I have maintained since 2015 that in the 2006-2007 season the Arctic underwent a cyclical phase shift, and the rapid sea-ice melting observed over the previous decades ended. A few scientists predicted or explained this shift based on their study of multi-decadal oscillations (see bibliography). They were ignored by mainstream climatology and the press because the “anthropogenic” melting of the Arctic is one of the main selling points of the climate scare. See for example:
A devastating Arctic temperature rise that could submerge coastal cities and trigger species extinction is now locked in. Business Insider March 15, 2019
Year after year the data supports my view over the desperate scaremongers like Tamino. With the passing of time it is more and more difficult to defend the idea that Arctic melting is continuing, so alarmists keep changing the metric. First it was September sea-ice extent (SIE), then September sea-ice volume, and now annual average SIE. However, the reference measurements are September minimum SIE and March maximum SIE. Continue reading
Dr. Martin Capages has written an excellent new book entitled Why the Green New Deal is a Bad Deal for America. He very effectively deconstructs the “Green New Deal.” He kindly asked me to write the Foreward for the book, so I am posting a slightly revised version here.
Alexandria Ocasio-Cortez is only the latest, in a long line of politicians, to use climate change as an excuse for world government and global control of production, distribution and exchange of goods and services, aka socialism. The global warming (or climate change, if you prefer) scare has been inexorably tied to socialism since it was conceived in the late 1980s by Maurice Strong (see the details of what Strong did in Christopher Booker’s article on him in the 5 December 2015 issue of The Telegraph, link). In short, he became the founding director of the UN Environmental Programme (UNEP) and later, in 1992, he created the UN Framework Convention on Climate Change. Continue reading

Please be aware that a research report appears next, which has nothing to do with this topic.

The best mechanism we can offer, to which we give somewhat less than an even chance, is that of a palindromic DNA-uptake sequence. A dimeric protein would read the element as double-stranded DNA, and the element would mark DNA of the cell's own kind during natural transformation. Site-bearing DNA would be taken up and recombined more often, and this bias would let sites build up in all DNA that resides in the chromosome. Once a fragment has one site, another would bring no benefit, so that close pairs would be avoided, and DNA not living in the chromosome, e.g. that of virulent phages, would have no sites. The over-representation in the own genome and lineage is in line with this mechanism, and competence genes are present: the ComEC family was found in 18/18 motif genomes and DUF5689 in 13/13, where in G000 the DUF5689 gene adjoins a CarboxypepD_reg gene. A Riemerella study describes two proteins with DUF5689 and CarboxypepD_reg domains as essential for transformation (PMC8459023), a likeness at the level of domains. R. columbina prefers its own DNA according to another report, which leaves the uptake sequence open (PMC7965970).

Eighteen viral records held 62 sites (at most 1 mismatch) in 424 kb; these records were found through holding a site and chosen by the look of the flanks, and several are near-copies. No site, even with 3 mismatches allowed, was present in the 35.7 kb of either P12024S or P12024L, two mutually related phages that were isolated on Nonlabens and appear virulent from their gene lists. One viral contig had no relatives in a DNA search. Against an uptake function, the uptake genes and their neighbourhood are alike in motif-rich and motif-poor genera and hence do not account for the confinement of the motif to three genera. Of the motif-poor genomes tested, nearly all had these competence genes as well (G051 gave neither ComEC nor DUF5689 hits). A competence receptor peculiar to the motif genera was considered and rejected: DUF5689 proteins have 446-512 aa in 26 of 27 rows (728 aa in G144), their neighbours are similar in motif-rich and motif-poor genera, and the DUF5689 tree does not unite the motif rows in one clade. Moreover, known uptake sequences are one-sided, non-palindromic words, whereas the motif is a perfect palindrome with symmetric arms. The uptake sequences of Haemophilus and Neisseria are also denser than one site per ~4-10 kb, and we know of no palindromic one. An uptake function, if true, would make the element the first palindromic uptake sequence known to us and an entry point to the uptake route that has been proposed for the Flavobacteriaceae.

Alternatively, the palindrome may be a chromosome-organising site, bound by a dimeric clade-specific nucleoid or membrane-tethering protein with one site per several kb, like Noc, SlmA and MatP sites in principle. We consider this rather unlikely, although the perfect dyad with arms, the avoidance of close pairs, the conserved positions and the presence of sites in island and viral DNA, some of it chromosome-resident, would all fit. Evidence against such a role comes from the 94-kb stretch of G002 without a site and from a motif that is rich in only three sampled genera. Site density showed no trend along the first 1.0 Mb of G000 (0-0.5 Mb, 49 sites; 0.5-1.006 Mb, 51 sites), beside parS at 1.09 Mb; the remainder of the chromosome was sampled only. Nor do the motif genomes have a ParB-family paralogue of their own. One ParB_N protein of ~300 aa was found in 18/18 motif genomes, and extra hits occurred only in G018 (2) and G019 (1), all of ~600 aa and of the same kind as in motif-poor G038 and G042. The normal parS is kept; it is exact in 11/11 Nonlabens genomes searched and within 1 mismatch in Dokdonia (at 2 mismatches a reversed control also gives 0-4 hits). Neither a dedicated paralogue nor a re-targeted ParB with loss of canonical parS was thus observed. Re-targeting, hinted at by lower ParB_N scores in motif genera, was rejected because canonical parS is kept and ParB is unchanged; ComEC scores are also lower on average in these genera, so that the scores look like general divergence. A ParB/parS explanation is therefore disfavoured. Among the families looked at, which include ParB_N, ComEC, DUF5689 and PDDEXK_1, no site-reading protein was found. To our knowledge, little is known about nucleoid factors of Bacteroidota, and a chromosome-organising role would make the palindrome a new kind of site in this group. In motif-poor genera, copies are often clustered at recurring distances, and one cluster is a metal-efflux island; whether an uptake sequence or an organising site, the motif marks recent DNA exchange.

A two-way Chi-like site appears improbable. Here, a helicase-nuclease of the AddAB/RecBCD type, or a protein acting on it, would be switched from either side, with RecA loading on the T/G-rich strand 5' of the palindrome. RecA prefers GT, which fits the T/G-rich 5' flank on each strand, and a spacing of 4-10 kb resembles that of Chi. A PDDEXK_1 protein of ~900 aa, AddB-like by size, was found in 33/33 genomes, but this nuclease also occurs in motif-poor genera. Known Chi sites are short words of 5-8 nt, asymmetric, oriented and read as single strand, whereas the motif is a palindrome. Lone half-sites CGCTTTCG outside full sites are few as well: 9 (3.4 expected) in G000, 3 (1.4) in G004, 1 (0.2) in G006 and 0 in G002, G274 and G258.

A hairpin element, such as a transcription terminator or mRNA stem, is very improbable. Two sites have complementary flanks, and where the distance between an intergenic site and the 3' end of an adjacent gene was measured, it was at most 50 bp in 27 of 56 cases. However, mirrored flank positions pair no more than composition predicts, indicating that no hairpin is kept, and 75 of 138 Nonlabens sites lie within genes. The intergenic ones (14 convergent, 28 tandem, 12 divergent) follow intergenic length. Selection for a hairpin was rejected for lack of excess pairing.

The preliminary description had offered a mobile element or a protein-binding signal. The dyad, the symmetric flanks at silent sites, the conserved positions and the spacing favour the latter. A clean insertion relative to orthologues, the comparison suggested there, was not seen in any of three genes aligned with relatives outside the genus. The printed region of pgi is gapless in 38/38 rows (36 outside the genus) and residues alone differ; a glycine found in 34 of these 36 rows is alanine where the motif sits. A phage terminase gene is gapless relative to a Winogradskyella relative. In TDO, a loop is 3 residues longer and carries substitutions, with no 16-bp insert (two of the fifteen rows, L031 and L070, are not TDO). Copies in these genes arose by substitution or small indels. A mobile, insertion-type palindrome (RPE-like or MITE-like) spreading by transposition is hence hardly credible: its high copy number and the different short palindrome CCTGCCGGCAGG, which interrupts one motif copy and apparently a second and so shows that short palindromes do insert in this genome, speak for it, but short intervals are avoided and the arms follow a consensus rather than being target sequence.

Guest Post by Renee Hannon
Wavelet analyses of modern global temperature anomalies provides an excellent visualization tool of temperature signal characteristics and patterns over the past 150 years. Scafetta recognized key temperature oscillations of about 9, 20 and 60-years using power spectra of global surface temperature anomalies. There has been much discussion about the 60-year quasi-oscillation both in WUWT and publications. Continue reading
By Andy May
The U.S. Fourth National Climate Assessment (NCA4) Volume II is out and generating a lot of discussion. Volume II, Impacts Risks and Adaptation in the United States to climate change can be downloaded here (Reidmiller, et al. 2018). Volume I, published last year, on the physical science behind the assessment is here (Wuebbles, et al. 2017). Continue reading
By Andy May
A few news items from The Shale Gas News, by Bill desRosiers of Cabot Oil & Gas. The main paragraphs below are adapted from desRosiers, but I’ve added some detail. Things are looking very good for the U.S. oil, gas and coal industries. Continue reading
By Andy May
Note to readers: This post is not about climate change, but about a distant ancestor.
Oscar May was the ninth child of Zachariah and Adelia May, he was born February 21, 1893. He is 15 years younger than my grandfather Ernest H. May, who was the oldest son. He was born on the family farm near Williamstown, Kansas. After high school he became a mail carrier in Kansas City and attended law school at night. He graduated in 1916 and passed the Kansas City bar exam the same year. He continued living in the Kansas City Y.M.C.A. and worked as a lawyer. Continue reading